The coins add up to 388 pence. The possible values that add up to 388 pence, and the divisions of the denominations, are:
5 383 5 vs 1,2,10,20,50,100,200
29 359 no way
41 347 no way
71 317 50,20,1 vs 2,5,10,100,200
107 281 100,5,2 vs 1,10,20,50,200
131 257 100,20,10,1 vs 2,5,50,200
137 251 100,20,10,5,2 vs 1,50,200
149 239 no way
191 197 no way
Since each of the two took more than one coin, 5+383 is out.
Some values split between 3 coins and 5 coins, while 131+257 splits into four coins on each side.
If I had asked if the number of coins was 4, and received that negative answer, then no matter what denomination was confirmed, there'd be more than one possible value that Harry could have.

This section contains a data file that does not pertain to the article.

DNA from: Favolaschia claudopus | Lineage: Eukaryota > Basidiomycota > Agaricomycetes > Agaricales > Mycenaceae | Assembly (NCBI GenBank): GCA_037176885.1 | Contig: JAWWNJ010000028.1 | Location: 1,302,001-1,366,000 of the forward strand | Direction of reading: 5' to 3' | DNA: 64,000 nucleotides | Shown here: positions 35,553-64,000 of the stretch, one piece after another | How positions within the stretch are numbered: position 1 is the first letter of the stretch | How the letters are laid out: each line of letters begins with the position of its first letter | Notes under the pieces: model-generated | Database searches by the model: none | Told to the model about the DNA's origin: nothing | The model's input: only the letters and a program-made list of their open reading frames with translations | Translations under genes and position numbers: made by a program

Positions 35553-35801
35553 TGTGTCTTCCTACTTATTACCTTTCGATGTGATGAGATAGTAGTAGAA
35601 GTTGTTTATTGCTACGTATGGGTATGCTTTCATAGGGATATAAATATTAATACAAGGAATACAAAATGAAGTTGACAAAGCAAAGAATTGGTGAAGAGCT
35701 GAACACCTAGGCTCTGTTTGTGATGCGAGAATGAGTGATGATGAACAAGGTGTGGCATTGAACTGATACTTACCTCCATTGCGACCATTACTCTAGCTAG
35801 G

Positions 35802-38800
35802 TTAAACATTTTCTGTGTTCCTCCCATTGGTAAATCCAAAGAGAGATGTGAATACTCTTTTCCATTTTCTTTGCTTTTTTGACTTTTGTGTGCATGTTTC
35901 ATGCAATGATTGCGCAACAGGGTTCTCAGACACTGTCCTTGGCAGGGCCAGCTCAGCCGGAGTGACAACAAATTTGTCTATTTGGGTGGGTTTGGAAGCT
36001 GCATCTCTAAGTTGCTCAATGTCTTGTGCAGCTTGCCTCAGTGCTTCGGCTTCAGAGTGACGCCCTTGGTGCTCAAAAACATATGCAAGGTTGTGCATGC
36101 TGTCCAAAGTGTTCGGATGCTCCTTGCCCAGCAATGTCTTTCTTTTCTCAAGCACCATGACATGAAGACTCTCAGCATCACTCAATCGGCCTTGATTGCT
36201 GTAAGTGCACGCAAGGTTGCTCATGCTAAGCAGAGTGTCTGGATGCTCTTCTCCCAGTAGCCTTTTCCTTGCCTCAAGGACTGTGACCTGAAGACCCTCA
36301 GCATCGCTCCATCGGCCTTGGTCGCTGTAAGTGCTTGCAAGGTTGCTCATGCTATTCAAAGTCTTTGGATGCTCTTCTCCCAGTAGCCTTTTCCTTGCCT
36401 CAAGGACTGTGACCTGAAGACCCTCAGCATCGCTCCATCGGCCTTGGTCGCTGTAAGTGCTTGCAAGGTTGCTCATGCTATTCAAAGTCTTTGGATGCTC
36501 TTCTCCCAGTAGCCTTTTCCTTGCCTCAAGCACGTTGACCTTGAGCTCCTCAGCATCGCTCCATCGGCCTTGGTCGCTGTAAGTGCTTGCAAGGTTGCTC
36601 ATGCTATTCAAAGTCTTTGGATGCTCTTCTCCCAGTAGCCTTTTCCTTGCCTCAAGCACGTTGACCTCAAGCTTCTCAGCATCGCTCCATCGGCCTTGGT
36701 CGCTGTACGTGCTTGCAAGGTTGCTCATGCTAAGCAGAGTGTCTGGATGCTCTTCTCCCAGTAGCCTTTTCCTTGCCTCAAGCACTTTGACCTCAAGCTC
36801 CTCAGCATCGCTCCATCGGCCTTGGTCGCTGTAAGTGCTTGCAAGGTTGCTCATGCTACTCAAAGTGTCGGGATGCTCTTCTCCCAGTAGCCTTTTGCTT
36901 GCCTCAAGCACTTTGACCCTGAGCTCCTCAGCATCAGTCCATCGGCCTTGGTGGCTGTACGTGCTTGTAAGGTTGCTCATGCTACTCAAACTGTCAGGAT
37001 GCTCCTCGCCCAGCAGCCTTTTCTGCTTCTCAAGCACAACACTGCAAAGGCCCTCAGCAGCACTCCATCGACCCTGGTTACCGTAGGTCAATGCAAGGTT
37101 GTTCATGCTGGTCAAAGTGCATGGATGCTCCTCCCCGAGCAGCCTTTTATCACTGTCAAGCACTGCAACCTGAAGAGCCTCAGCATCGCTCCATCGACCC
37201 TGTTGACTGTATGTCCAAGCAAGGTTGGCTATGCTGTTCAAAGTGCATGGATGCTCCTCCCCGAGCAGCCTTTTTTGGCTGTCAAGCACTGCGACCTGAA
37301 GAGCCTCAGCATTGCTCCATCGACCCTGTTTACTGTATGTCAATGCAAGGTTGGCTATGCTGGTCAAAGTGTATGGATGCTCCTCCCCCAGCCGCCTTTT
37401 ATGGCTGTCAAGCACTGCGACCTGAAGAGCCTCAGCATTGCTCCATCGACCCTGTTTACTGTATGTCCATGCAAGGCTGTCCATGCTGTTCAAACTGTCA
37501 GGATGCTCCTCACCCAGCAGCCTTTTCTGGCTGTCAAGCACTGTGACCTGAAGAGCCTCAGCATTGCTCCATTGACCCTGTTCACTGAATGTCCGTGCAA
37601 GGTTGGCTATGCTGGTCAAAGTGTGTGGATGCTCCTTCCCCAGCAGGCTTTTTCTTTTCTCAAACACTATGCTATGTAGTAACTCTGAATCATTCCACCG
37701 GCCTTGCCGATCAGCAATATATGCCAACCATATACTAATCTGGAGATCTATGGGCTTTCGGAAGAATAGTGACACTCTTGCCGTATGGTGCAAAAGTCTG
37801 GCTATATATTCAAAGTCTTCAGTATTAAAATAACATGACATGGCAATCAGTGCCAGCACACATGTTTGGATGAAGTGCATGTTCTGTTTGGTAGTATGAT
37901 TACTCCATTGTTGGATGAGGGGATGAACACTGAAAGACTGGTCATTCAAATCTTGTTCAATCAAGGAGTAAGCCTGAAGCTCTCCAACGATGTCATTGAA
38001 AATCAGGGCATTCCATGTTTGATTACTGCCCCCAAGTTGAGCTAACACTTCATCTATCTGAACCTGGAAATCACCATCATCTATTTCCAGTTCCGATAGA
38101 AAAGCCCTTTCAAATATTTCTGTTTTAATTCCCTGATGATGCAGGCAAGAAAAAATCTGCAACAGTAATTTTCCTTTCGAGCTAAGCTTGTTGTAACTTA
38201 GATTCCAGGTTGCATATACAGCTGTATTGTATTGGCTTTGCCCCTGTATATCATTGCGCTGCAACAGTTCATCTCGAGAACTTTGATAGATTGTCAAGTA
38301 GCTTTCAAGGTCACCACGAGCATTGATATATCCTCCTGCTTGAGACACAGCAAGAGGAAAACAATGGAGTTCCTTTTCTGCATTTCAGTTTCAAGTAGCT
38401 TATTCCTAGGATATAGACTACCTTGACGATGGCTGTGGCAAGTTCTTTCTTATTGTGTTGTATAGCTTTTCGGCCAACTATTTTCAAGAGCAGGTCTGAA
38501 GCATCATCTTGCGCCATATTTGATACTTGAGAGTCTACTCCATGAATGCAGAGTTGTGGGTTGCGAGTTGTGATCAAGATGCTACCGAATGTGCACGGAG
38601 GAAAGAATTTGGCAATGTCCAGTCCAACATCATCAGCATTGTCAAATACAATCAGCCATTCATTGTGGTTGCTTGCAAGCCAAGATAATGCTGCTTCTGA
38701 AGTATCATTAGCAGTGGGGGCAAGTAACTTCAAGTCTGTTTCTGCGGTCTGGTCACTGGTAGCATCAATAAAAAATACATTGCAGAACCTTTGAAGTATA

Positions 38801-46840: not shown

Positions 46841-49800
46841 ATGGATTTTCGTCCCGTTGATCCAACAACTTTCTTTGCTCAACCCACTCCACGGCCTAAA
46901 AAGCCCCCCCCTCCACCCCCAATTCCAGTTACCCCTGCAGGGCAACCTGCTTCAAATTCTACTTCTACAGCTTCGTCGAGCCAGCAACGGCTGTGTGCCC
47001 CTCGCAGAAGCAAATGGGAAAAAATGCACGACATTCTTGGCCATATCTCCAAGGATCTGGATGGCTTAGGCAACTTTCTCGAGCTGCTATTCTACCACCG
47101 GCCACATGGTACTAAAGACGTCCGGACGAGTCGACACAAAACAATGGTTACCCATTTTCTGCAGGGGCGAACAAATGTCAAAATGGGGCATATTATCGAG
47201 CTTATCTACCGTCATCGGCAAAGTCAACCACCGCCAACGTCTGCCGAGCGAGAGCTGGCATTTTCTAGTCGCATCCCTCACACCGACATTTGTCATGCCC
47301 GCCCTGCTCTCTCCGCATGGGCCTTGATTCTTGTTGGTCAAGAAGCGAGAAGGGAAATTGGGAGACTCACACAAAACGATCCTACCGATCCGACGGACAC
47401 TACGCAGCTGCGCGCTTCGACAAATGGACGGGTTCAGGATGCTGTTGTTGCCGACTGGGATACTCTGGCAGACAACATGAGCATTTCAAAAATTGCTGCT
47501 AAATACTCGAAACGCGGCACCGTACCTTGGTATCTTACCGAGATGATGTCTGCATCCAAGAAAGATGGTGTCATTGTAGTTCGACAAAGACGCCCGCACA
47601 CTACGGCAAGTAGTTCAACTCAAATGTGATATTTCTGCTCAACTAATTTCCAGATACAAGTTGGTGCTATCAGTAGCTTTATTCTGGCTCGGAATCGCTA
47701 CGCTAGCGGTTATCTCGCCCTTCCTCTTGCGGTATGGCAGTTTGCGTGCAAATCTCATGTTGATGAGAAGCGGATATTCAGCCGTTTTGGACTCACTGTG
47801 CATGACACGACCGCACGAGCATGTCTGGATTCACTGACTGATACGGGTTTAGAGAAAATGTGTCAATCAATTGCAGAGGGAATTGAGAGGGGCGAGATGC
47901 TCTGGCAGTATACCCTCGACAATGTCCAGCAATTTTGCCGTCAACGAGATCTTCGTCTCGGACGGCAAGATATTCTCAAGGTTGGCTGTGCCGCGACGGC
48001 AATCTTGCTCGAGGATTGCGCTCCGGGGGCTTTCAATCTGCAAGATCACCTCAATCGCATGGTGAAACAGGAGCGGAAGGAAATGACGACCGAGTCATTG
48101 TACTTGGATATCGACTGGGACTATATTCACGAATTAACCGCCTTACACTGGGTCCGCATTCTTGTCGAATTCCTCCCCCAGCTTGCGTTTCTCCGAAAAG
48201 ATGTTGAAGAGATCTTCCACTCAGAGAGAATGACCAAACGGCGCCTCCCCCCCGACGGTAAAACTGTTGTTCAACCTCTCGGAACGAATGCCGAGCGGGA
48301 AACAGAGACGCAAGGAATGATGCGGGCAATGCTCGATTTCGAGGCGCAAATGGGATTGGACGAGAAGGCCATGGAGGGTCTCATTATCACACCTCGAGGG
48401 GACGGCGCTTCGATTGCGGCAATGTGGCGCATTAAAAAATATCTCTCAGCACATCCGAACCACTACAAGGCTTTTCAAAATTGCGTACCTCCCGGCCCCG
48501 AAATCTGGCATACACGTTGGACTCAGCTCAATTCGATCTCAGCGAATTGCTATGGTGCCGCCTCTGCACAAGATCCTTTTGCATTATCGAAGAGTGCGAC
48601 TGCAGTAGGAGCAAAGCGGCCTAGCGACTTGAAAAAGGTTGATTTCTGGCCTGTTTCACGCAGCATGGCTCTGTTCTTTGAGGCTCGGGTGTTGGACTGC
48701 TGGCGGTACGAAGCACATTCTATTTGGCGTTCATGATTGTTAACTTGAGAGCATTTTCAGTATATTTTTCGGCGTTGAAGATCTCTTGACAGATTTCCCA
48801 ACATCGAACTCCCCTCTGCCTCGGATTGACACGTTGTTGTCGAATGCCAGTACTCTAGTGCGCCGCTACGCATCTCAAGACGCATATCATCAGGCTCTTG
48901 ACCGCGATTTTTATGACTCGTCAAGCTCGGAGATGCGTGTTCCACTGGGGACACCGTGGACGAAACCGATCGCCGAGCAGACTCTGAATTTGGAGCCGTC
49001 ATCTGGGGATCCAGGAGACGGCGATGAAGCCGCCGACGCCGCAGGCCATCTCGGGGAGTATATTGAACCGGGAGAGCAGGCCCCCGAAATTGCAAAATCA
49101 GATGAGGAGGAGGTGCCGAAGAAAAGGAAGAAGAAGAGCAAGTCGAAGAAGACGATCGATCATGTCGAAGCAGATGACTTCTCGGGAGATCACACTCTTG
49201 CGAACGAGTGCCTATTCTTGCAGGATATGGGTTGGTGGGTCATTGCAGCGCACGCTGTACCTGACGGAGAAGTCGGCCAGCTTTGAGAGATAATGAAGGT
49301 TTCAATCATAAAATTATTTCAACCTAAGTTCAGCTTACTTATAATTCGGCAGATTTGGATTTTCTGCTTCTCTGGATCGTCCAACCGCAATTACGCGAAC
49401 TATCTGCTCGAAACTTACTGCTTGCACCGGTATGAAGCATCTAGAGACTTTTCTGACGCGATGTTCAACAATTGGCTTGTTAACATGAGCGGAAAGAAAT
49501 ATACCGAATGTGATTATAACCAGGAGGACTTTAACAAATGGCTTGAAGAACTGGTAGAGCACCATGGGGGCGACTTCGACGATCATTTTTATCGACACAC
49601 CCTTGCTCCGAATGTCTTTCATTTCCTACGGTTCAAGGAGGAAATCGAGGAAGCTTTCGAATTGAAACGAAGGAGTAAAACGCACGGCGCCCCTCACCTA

Likewise if I had asked if the number of coins was 3, then no matter what denomination was confirmed, there'd be more than one possible total among the 4 and 5 coin sets.
If you look at the numbers, you'll see that the 10p denomination is never part of a group of three. So if I had asked if the number of coins was 5, and received a no answer, and then asked if he had taken the 10p piece and the answer was yes, it would have to be the 4-coin set that contains the 10p piece, and that has a value of **131 pence**.
This is **New Scientist**'s Enigma # 1346 from the issue of 25 June 2005. |